The recent report by the United Nations Children’s Fund (UNICEF) that at least three in every five children in Nigeria suffer from one form of abuse or another before their 18th birthday underscores the need for the full implementation of the Child’s Rights Law. The UNICEF Country Representative to Nigeria, Mr. Mohammed Fall, who disclosed this during this year’s celebration of World Children’s Day, bemoaned the fact that Nigeria has the highest number of out-of-school children in the world.
It is also estimated that over 70 per cent of Nigerian children experience multiple incidents of violence. The report by the global agency has offered the government another opportunity to solve the basic problems facing Nigerian children.
Apart from having the highest number of out-of-school children in the world, Nigeria also has the highest rate of child and infant mortality in the world. We decry the plight of Nigerian children and call on the government to build a world where every child will be in school, and safe from harm. There is no doubt that Nigerian children have an important role to play in national development. But, they cannot play this role when many of them are outside the school system.
We, therefore, urge the government to recommit itself to policies that will address all forms of abuses, especially those that prevent children from attaining their God-given potentials so that they are not left behind. Government ought to be mindful of the fact that “it is the generation of children growing up today who will take their place as Nigeria’s leaders tomorrow, and, who will be able to accelerate the progress we make now.” Let government use the occasion of this year’s World Children’s Day to end child abuse in the country.
It is, indeed, sad that Nigeria is among countries with the highest number of out-of-school children yet to benefit from advances in child rights. It is not good that Nigeria is witnessing rising cases of child abuse, despite government’s claimed efforts to check the menace. In 2016, a nine-year-old Korede Taiwo was reportedly chained by his father. The minor was also starved for over a month before concerned neighbours alerted security agents, who rescued the victim.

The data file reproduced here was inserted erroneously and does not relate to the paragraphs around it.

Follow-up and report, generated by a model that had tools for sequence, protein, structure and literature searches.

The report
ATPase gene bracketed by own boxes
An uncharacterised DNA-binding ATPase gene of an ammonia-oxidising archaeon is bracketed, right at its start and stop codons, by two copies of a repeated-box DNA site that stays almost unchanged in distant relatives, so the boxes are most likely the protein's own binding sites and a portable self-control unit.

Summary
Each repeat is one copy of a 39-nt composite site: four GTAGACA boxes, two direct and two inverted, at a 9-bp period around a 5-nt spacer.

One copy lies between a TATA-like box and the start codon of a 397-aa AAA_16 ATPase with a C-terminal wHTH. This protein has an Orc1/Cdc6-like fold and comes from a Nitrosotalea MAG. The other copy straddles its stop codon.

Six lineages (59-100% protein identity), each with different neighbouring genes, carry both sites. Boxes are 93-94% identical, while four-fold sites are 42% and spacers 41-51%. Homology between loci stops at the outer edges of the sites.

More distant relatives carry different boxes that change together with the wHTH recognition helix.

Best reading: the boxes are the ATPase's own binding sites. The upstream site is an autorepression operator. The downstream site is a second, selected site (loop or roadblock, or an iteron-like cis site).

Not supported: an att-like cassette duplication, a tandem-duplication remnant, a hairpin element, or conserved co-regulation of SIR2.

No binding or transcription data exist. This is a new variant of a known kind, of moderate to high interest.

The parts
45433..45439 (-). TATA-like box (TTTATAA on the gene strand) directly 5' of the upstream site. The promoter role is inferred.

The poor boy was punished for stealing. His father said the boy was possessed of “stealing spirit”. This was the height of parental cruelty and child abuse. Korede Taiwo’s case may not be the only one in the country. Reports of abuse of children abound in the country. Nigerian children are also trafficked and subjected to all manner of ill-treatments under the guise of parental training.
It is unfortunate that children are daily abused in the country despite Nigeria’s signing the Child’s Rights Act and other international legislations against child abuse. Specifically, Section 34(1) (a) of the Constitution states that “no person shall be subjected to torture or to inhuman or degrading treatment.” We are of the opinion that the protection of children against all forms of abuse, including defilement and rape is a collective effort of all tiers of government, parents and civil society organisations.
While the government should do much more than it has already done, new legislations should be initiated by the National Assembly to make child abuse a serious offence with severe punishment. In the same vein, Nigerians should be vigilant and sensitive to the treatment of our children. Our cultural antecedents should not be used to abuse children. For instance, street hawking by children exposes them to multiple incidents of abuse. The government must understand that attention to early years for every child still matters. It should be given the needed priority.
The 2017 UNICEF report showed that “early moments matter for every child.” It also revealed that about 11.5 million out of 22.2 million children in Nigeria under the age of five are at risk of poor development because they lack childhood support. About 2,300 of such children die as a result of inadequate childhood support. Both the government and parents must do something to improve our ranking on global human development indexes. Government must put measures in place to protect Nigerian children and curb child abuse.